two potential randstruct improvements

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I'm currently in the middle of writing a blogpost on some Linux kernel
stuff; while working on that I looked at the randstruct version in
Linus' tree a bit and noticed two potential areas for improvement. I
have no idea whether any of this (still) applies to the PaX/grsecurity
version, but since the code originates from there, I figured I should
also send this to the original authors.

=== no explicit randomization of padding holes ===
The randstruct plugin works by shuffling the list of C struct members.
So if you have a struct like this:

struct foo { u32 a; /*4-byte hole*/ u64 b; u64 c; };

randstruct might rearrange it into one of the following layouts:

struct foo { u32 a; /*4-byte hole*/ u64 b; u64 c; };
struct foo { u32 a; /*4-byte hole*/ u64 c; u64 b; };
struct foo { u64 b; u32 a; /*4-byte hole*/ u64 c; };
struct foo { u64 b; u64 c; u32 a; /*4-byte hole*/ };
struct foo { u64 c; u32 a; /*4-byte hole*/ u64 b; };
struct foo { u64 c; u64 b; u32 a; /*4-byte hole*/ };

So if there is only a single 4-byte member among multiple 8-byte
members, the 4-byte member "a" will still always be 8-byte aligned;
and if there is a small number of 4-byte members among lots of 8-byte
members, it'll probably still end up that way. This means that if an
attacker e.g. manages to type-confuse "struct foo" and an array of
pointers on a little-endian system, they'll be able to use arithmetic
operations on "a" to shift one of the pointers in "a" up and down.
This wouldn't be possible if, after the existing randomization, struct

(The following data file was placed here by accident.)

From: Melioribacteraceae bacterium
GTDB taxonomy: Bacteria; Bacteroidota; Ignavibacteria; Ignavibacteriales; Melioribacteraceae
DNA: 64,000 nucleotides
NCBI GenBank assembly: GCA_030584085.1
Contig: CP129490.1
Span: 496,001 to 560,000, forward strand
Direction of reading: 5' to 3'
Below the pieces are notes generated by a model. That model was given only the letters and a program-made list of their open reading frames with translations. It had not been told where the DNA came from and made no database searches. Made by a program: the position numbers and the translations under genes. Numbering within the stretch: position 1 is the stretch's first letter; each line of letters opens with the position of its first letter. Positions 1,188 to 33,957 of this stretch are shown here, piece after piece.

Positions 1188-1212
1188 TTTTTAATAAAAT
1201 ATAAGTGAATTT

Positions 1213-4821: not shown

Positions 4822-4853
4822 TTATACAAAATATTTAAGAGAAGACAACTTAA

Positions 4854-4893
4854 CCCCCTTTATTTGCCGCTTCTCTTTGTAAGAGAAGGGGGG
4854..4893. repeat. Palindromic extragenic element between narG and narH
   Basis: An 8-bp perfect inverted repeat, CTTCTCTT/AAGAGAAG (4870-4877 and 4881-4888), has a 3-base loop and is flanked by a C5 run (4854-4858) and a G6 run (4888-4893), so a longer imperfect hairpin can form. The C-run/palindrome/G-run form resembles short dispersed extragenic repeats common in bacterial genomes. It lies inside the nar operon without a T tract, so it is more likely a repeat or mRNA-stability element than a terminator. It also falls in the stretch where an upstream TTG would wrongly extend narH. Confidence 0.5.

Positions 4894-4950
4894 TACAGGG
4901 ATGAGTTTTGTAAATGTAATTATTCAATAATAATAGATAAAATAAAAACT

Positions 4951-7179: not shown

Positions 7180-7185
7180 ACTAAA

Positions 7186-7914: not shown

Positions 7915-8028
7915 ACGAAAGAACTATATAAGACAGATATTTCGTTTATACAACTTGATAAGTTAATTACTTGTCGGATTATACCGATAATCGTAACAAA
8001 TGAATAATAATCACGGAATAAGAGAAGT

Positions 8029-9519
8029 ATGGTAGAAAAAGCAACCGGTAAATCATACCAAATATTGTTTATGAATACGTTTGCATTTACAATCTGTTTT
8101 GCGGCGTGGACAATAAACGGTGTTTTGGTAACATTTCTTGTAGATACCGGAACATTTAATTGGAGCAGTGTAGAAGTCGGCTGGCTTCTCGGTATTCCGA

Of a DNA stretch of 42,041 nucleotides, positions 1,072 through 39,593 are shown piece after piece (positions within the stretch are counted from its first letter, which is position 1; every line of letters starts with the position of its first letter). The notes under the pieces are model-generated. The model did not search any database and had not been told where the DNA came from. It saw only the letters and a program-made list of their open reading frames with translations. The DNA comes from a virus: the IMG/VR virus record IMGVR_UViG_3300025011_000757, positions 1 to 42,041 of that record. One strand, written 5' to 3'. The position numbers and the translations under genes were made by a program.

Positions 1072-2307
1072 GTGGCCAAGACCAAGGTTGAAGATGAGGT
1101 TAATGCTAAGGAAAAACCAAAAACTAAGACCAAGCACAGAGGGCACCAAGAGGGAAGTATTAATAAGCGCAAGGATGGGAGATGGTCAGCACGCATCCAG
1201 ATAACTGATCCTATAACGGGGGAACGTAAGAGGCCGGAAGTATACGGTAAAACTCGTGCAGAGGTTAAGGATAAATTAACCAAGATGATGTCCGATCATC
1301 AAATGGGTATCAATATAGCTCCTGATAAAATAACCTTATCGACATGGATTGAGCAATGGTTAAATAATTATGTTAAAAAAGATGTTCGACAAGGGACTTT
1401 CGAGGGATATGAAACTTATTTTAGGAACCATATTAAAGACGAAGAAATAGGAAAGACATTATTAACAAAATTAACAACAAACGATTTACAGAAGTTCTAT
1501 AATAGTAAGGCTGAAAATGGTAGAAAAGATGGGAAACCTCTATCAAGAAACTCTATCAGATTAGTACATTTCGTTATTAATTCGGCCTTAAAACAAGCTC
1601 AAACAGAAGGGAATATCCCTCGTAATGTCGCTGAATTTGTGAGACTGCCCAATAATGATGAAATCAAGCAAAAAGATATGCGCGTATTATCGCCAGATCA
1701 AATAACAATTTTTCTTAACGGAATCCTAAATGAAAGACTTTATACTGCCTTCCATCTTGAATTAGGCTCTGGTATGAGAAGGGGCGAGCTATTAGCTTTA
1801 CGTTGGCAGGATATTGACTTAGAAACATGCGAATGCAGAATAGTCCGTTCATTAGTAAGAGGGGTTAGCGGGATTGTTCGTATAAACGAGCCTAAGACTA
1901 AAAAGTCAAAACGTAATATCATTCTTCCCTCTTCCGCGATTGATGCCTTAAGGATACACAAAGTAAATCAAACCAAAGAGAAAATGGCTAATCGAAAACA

members with following padding holes were explicitly randomized with
regard to the padding (subject to alignment constraints, of course).
(In practice I guess that might be implemented in the existing
randstruct plugin by computing padding holes after elements and then
randomly inserting dummy members in front of those members, with
dummy_size%member_alignment==0 and dummy_size<=padding_size.)

(Yes, I realize that this becomes less interesting if you have a
different mitigation that makes type confusion between single-struct
allocations and arrays harder.)

=== non-cryptographic RNG used for randomization ===
I haven't looked at this in detail; but randstruct uses a
non-cryptographic RNG
( to derive randomized
structs from a 256-bit seed. In theory, this means that an attacker
with knowledge of at least 256 bits worth of information about
structure layouts in a given build _may_ be able to recover the seed,
and from there, the layouts of all other structs.

It might be possible to indirectly determine some amount of
information on structure layouts through various side channels; for

 - cacheline grouping might change if performance-mode is disabled,
   which might be measurable through false sharing effects
 - function sizes might change slightly because the encoding of an access
   to the first element is shorter, which might be measurable e.g. through
   icache and branch predictor state

I don't know whether the amount of information leakage would be enough
to actually determine the seed - and I'm not a cryptographer, I have
no clue how much output from the RNG you'd actually need to recover
the seed (and an attacker would not even be getting raw RNG output,
but RNG output after additional modulo operations). But if the goal
here is to ensure that an attacker without access to the binary kernel
image can't determine struct layouts without a proper leak primitive,
even if they know exactly from which sources and with what
configuration the kernel was built, then I think this needs a
cryptographically secure RNG.

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